Stakeholding: the concept on very few people's lips

March 7, 1997

Will Hutton's stakeholding society would be one in which everyone had a stake, not just the top 40 per cent. "It's about being nice to people," says Hutton.

Firms would be made more accountable to their workforce with compulsory worker directors and comprehensive employment rights, class privilege would be undermined, the rich would face higher taxes. A national investment bank would ensure longer term investment. A "republican" constitution would devolve more power to the regions. It's about social inclusiveness. A bit vague perhaps, but the quotes that follow point in the general direction: "The firm is not only at the heart of the economy, it is at the heart of society. It is where people work and define their lives. New right economics admits none of this ... The firm is a law unto itself. Its only job is to succeed in the marketplace. The key to success is too frequently seen as the capacity to exploit labour, or filla temporary market niche. Britishcompanies need a fundamental change in culture andorganisation."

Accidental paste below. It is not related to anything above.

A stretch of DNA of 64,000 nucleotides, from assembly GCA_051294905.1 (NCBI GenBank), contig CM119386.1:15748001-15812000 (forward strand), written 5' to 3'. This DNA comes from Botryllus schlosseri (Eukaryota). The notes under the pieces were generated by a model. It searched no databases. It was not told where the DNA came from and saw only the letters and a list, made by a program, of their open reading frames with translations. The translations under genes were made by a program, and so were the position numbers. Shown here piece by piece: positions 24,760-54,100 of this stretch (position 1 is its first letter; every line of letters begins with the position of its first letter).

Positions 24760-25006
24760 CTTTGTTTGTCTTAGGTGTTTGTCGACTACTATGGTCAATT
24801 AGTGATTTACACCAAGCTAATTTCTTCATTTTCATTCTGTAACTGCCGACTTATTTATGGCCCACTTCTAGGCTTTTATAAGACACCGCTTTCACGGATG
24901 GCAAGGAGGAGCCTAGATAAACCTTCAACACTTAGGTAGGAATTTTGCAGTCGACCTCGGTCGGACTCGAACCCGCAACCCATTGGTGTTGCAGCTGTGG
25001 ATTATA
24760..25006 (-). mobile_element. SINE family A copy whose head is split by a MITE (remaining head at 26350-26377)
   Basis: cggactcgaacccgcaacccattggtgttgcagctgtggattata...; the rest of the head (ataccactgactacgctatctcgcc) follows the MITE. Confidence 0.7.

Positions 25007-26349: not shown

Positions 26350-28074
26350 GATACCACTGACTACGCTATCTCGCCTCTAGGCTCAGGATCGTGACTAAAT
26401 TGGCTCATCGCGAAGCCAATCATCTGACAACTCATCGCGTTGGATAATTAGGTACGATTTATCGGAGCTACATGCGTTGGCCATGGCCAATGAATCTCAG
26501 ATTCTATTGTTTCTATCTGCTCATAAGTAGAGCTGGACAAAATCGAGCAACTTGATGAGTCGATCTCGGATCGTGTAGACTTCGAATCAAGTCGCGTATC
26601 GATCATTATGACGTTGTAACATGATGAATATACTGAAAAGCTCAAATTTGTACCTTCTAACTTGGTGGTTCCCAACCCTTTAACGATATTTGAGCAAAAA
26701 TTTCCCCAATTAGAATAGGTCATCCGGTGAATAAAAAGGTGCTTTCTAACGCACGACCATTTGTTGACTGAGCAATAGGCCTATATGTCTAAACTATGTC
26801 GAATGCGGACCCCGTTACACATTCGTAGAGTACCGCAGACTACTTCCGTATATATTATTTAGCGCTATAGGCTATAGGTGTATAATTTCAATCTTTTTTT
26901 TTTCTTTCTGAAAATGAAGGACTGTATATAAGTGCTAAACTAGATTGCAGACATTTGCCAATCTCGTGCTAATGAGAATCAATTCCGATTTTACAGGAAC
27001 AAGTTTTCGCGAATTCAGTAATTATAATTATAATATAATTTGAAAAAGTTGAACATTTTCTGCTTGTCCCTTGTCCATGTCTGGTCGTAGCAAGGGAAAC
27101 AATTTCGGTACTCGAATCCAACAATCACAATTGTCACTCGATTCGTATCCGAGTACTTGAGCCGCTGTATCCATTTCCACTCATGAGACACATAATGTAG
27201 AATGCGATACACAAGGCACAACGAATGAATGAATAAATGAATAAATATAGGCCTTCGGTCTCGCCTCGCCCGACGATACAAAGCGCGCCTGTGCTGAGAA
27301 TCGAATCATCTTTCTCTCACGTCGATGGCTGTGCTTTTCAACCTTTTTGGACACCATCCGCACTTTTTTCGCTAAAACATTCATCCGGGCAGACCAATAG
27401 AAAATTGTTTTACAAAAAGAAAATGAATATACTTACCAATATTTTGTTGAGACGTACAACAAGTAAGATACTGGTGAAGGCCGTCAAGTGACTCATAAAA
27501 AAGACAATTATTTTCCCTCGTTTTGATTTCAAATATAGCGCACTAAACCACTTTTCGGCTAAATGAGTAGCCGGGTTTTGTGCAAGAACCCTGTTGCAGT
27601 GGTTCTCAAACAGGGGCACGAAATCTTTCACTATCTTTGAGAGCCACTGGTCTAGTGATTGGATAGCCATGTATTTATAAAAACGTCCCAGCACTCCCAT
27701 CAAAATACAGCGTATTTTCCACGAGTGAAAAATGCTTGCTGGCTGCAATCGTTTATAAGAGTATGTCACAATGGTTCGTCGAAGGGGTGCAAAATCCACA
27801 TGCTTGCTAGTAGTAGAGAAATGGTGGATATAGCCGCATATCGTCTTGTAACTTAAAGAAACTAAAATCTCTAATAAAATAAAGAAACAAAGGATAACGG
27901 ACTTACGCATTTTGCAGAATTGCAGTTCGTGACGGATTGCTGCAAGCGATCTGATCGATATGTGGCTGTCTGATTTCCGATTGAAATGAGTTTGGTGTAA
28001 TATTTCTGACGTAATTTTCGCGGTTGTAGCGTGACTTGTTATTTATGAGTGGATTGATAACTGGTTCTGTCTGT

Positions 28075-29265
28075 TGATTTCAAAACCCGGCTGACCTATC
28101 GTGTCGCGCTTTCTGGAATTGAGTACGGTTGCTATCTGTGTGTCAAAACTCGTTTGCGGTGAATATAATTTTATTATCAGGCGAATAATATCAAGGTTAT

Will Hutton, The State We're In, 1995 "It is surely time to shift the emphasis in corporate ethos - from the company being a mere vehicle for the capital market towards a vision of the company as a community of partnership in which each employee has a stake, and where a company's responsibilities are more clearly delineated."

Tony Blair, 1996.

"The idea that the firm is a more complex social entity, and that it should not just be running for the interest of the shareholders has made a great impression. I look forward to some new research projects."

Peter Swann,director of research, Manchester Business School, 1997.

You've reached your article limit.

Register to continue

Registration is free and only takes a moment. Once registered you can read a total of 3 articles each month, plus:

  • Sign up for the editor's highlights
  • Receive World University Rankings news first
  • Get job alerts, shortlist jobs and save job searches
  • Participate in reader discussions and post comments
Register

Have your say

Log in or register to post comments